I thought Hugh Greenwood was really stiff to get pinged for a push against Max Gawn in their marking contest early in the second. Looked like a really strong mark to me.

One thing I love about Oliver is that he doesn’t just take the path of least resistance. Pinned up against the line in the second quarter, you could forgive him for walking the ball over the line and getting the stoppage, but he wouldn’t cop that. He got there and scooped it up, and fired a handball to Nathan Jones down the line at half forward. That sort of creativity and desire to do that little bit extra is what makes him a star.

I’ve liked what I’ve seen from Charlie Spargo up until tonight. I got the feeling he was trying to do a little too much with it every time he got it tonight.

Plenty of intercept marks for Milera tonight. Not bad for a chook with its head cut off.

Lovely pulled kick from Jetta to set Melksham up for a mark and goal at the top of the square. Jetta had every right to go for home on that, as he ran to 45 metres. I’m not too sold on the decision – he opted for a maybe when he had an actual shot at goal. It all worked out, so everyone is happy, but there’s unselfish, and too unselfish.

Jenkins was caught holding the ball in the middle after he missed the ball with his handball, yet there was no call. I don’t understand how the ump missed it – it was a clear throw.

Didn’t like seeing Frost duck into Walker’s tackling attempt and get rewarded with a free kick for doing so. If the AFL wants to outlaw ducking, stop rewarding it!

Tom McDonald manages to get to the back of the contest a little too easily for my liking. I have no idea why more teams don’t employ a bit of a goal keeper approach. He got a couple of goals running back inside 50 with no one coming the other way at him. Put it this way – it wouldn’t happen against Richmond. They always play a goal keeper.

Jake Melksham has been a fantastic pick up for the Dees. He has the kind of desperation you love to see from a forward. Loved his goal on the run where he just threw it onto his boot and hoped in the third quarter. Sometimes it’s better to be lucky than good… but it’s great to be both!

The Dees started to look really good running out of defence and through the middle in the third. It was as though they were sensing the cracks in the Adelaide dam wall and started applying the pressure.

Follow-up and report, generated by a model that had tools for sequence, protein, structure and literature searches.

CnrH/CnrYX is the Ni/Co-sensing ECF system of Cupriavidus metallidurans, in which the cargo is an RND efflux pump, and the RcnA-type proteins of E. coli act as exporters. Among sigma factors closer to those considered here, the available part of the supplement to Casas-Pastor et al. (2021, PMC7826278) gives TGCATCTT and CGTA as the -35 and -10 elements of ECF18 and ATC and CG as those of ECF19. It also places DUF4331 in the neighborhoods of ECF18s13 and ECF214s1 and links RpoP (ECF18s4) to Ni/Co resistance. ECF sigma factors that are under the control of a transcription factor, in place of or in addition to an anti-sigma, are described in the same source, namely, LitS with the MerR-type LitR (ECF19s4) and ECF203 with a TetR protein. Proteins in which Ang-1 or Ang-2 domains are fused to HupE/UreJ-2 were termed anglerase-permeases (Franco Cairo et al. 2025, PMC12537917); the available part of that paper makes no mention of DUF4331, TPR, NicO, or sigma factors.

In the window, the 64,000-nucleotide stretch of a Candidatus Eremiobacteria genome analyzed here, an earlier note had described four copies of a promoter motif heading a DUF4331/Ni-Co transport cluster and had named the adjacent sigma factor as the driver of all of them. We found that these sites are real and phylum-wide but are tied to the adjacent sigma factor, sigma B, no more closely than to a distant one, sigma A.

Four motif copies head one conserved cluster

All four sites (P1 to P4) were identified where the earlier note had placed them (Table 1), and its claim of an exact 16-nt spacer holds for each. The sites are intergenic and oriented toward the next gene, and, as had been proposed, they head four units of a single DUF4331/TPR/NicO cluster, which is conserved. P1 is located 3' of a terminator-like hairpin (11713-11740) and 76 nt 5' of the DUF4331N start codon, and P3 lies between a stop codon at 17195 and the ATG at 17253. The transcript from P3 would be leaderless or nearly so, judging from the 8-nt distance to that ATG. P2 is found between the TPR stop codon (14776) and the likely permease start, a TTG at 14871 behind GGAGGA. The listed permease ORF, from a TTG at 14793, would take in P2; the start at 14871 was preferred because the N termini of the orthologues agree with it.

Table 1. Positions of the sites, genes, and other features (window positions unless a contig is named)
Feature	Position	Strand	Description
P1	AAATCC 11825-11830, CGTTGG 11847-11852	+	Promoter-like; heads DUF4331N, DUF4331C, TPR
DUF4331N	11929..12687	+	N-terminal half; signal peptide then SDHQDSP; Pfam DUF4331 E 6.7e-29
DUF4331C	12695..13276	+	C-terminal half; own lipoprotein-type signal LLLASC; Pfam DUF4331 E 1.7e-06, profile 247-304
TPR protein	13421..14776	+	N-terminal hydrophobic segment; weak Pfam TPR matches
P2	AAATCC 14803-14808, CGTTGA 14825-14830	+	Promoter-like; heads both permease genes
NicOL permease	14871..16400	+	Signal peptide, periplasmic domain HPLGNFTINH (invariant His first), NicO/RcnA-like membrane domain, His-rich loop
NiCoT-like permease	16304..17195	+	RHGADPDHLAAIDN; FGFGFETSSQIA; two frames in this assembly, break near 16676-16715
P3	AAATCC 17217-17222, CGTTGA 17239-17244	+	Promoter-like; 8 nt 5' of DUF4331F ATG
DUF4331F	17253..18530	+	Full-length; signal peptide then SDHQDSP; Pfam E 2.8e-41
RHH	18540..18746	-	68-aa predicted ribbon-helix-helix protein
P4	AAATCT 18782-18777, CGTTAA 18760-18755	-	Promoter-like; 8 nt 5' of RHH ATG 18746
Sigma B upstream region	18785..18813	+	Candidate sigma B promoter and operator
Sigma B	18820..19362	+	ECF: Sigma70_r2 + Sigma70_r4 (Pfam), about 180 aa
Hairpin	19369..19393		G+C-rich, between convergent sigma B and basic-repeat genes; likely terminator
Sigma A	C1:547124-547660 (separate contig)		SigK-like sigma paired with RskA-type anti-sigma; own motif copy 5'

A comedy of errors at the Demons half forward line saw Hogan drop another mark (uncontested) and Milera rove it, only to shank one of the dinkiest little kicks sideways to open up a chance for the Dees. They fed it out to Fritsch and he goaled from 45 out.

Will be interesting to see how Petracca pulls up. That shoulder was giving him trouble, but it was incurred in a clash with his own teammate.

I reckon the Dees were relatively happy with Kyle Cheney being the loose player back for the Crows. Cheney will always bust a gut for the side, but his kicking… ehhhhh, it can be erratic, so if they’re seeing him wandering around alone, my guess is that they think this is OK because the potential for turnovers is higher when Cheney gets it and a little pressure is applied.

Big dropped mark from Jacobs at half back was pivotal. It allowed Gawn to run onto it, hand to Petracca who went long to Tom McDonald. He marked and goaled and the floodgates felt like they were opening.

And then they burst open as “Jeffy” had a brilliant front and centre read off hands and ran in to snap a goal. Perfectly read off the spill from Garlett.

The Dees falling away a bit in the last quarter – a concern, you think? Yeah, they won this, but their “save game” mode is really poor at the moment. They stopped to a walk tonight.

Crows just peppered the goals in the last. They kicked 3.7 to Melbourne’s 1.1 for the quarter.

Wonderful control from Betts to slot the goal on the run in the last quarter, but it really would’ve made things interesting had he kicked the goal late and brought the Crows to within a kick. It would’ve been interesting to see the way the Dees handled the situation in light of recent events.

Oscar McDonald proved that he should play in the backline his whole career. His shot for goal from 40 out on a 45 degree angle in the last quarter was an absolute stinker.

Umps seemed to be throwing the ball up quicker in the last quarter. Rule changes on the run? 

The Crows just left things a little too late to get close. One sequence put a nail in the 2018 Adelaide coffin. Hogan handballed to Petracca, who gave to Neal-Bullen for goal, but it was yet another Clayton Oliver clearance that got things going the Dees’ way.

And there we go – the Dees can start printing their finals flyers now (but don’t send them!) whilst Adelaide can start planning for an assault in 2019. They’ve got the showdown next week and may hope to reignite the possibility of finals, but they need too many things to go their way to make it feasible. The Dees should be able to handle Gold Coast who really don’t want to move up the ladder at all when a ‘superdraft’ is beckoning, so Melbourne should shore up a finals berth in the next couple of weeks.